Read more here, here and here.
Consider this exchange between MediaShift's Mark Glaser and Reuters President Chris Ahearn:
Glaser: You talk about bringing this in as a resource for reporters and editors. What’s their attitude about it? Does it take a change in mindset to accept that, or do they feel like someone’s on their turf?
Ahearn: I think it’s both. It goes one person at a time. Our online group was involved with everything. It was more the people who were away from the experiment, there’s a level of concern in the journalistic community, ‘Are they out to replace me?’ The answer is no, God no. It’s my job in management and running the business side to ensure that there’s as much choice out there for our editors as there can be to best address the audience.
The struggle here is how do you let the audience identify what they actually care about and how do you mesh that with the two pillars of control. As a brand, I do want to control what’s around me; as a consumer, I want to control everything about my experience. My own supposition is the reality is somewhere in between. One of the reasons newspapers are such a valuable thing or that people lean back and watch TV is that at times people say, ‘Show me, I like that serendipity.’ At other times I want to be very self-directed, I don’t like that on the page.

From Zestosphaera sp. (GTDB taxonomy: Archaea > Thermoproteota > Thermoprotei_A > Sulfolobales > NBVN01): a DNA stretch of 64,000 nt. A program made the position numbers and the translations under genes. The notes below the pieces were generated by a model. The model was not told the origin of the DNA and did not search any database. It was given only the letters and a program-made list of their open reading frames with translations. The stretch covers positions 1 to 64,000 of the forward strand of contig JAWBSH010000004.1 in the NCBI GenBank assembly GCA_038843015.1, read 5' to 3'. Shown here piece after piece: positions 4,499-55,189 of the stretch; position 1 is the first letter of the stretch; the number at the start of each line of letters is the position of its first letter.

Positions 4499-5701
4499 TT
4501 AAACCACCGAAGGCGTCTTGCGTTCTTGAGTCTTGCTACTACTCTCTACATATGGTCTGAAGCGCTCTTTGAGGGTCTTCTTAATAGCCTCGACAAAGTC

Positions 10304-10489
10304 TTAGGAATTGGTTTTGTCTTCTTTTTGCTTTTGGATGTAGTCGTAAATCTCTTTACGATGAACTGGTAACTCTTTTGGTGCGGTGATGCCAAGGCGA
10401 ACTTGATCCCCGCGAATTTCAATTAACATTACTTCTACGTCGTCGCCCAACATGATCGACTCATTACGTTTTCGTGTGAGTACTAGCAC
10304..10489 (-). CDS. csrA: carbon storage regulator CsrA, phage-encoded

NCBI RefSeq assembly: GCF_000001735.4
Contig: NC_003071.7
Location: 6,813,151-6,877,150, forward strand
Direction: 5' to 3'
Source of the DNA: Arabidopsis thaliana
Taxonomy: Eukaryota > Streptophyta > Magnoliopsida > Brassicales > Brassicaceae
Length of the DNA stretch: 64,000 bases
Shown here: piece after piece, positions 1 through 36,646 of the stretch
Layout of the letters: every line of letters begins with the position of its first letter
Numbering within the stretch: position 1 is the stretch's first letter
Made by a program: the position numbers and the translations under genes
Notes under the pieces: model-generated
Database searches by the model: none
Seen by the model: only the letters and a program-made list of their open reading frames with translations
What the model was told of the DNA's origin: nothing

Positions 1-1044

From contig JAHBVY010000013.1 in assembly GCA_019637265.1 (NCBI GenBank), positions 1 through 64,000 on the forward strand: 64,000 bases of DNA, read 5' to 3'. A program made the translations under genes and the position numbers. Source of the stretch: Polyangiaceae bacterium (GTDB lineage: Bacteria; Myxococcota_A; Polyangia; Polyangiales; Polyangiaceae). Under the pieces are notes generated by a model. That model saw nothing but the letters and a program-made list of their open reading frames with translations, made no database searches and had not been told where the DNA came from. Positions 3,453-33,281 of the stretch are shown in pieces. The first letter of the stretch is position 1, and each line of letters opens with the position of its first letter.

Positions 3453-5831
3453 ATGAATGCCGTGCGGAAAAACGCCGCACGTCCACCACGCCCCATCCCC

And later, Ahearn continues:
Going from 2,400 journalists to 24 million sources — that’s a lot of scale and there’s some skepticism, but how might that change the news cycle or the ability of people to make sense [out of everything]. I also wonder how much time is wasted in the rewriting of someone’s else’s copy that doesn’t really change the story or add that much unique value. What’s the obsession with that? I like a world where there’s different levels of news trust and brands and people can mix and match. If you have something unique, then go for it. Everybody is guilty of it, everyone has their unique version, but if you matched them up, how much are they really unique? How much is there overlap vs. a story you really, really need to tell? Can you spend your resources on something incremental?
Speaking of mainstream media and bloggers working together, here's a thought from Jeff Jarvis on reallocating reporting sources.
He argues that big news organizations should be writing investigative pieces about the care and treatment of soldiers returning from Iraq and Afghanistan or North Korea's decision to invite the International Atomic Energy Agency's Mohamed ElBaradei in to the country. What we don't need from The New York Times is front-page coverage of Anna Nicole Smith's death or the public un-glueing Britney Spears.
His advice: "Cover what you do best. Link to the rest."